|The olympic clean. Performed perfectly.|
|Again, we're only focusing on the first 5 frames of Sage Burgener demonstrating a great clean and jerk.|
|I believe I just need a bit more inspiration to be an awesome runner. Perhaps not this much, though/?|
WoD: 10 Rounds, each round begins every 75 seconds
- 3 Cleans [full squat] @ 75% of one rep max
- Crack Dash
After some good warm-up and oly lifting tips from Coach Greg, dealing especially with my starting position (adjusting to bring my weight further back on my heels, getting my shins more vertical from the starting position) and just trying to get past my tendency to still do the lift in two very separate parts (powering the bar up up vs. dropping under the weight), it was time to do some work.
For most of the rounds, I managed to get all the work done in about 45-50 seconds. I had just ONE goal: mechanics. I wasn't too overly concerned with my actual speed or making it through each round. Mechanics. Consistency. THEN Intensity. This is the bit that so many CrossFitters miss: They try for the intensity LONG before they can safely crank up the effort, performing a series of shitty reps, practicing shitty reps. Hardwiring themselves to always perform shitty reps. The difference between that approach (aka all intensity, all the time) and taking your time and seriously improving the mechanics as much as possible, so that even under pressure, the mechanics stay consistent, is the difference between a simple CrossFit kool-aid drinker and a CrossFit Games-caliber athlete. For a perfect example, the clean ladder from the men's and women's competitions. The only crappy reps were when people were shooting for PRs and at weights far beyond their capabilities...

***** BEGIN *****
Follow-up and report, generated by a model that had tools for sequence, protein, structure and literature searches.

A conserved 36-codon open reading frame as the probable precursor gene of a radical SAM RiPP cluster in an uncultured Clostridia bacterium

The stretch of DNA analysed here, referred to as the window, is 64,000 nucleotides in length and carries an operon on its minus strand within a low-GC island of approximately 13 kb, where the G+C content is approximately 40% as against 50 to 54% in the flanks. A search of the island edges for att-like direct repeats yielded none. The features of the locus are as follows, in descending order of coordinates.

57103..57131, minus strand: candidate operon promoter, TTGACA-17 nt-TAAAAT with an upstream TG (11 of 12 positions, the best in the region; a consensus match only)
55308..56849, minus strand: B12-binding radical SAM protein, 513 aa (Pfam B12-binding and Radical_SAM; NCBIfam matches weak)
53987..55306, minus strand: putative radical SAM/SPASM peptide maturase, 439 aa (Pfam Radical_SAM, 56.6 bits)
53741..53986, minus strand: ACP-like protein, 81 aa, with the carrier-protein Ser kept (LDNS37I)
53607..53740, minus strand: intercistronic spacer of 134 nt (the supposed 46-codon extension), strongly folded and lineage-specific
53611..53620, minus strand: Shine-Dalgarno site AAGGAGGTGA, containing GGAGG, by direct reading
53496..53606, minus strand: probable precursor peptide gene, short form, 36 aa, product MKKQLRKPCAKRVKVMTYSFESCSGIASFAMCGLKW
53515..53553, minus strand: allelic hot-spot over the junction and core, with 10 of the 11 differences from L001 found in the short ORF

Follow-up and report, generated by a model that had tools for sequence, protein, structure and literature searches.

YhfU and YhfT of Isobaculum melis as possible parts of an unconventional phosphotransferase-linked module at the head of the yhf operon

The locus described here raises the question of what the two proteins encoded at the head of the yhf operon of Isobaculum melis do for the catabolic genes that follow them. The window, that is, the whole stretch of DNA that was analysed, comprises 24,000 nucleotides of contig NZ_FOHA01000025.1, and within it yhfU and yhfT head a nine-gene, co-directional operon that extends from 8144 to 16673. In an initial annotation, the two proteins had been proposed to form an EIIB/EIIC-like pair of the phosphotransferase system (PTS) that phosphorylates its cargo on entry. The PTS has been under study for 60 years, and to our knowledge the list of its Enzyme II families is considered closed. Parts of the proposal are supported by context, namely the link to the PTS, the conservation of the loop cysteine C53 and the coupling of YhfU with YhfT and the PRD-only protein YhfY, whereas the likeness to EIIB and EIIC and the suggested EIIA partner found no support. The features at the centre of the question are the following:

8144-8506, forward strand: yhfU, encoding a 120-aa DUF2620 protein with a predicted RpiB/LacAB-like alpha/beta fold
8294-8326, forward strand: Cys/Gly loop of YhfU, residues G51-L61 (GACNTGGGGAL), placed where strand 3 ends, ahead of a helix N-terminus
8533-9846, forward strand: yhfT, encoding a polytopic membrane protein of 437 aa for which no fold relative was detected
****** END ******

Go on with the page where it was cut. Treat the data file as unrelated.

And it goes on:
So, fatigue started setting in, and I started taking longer and longer to complete my reps. Finally, I finished the run for the 8th round, and had just made it back to the bar when the buzzer went to start the 9th round. I took a few seconds to collect my breath and self-control, then did a rep. Again, the pause to gather myself. Another rep. All the other athletes had already headed out for the run. I still had some more work to do. Another pause. Another rep. Finally, it was time to run. I had just barely made the turn back from the endpoint of the run when I heard the timer go off again. I slogged back, the rest of the class running back out of the gym as I stumbled in. I could quit right now... I hadn't completed the 9th round before the 10th began. Ah, screw it. Where's the fun in that?
After spending a little bit of time staring at the bar, willing it to become lighter, I again fought through three reps, trying like hell to keep form and mechanics solid, trying to let the proper muscles actually lift the bar, and not resort to craptastic form instead. In all, despite the fatigue and gasping-for-breath bit, those felt like the best reps, because they HAD to be. Crappy form would have just resulted in failed reps, but all three of them (actually all 30 reps) landed solidly on my delts, I was pretty well under the bar, only riding the elevator down (ie, getting lower after already racking the weight... a waste of energy, but a requirement for practicing squat cleans, rather than accidentally practicing power cleans...).
One more run. Well, run is probably putting it a little strongly. Joggers could go faster than me. A good Manhattan commuter could easily have walked faster than me... but I was going to finish the freaking WoD, no matter how long it took me. And... eventually... I did.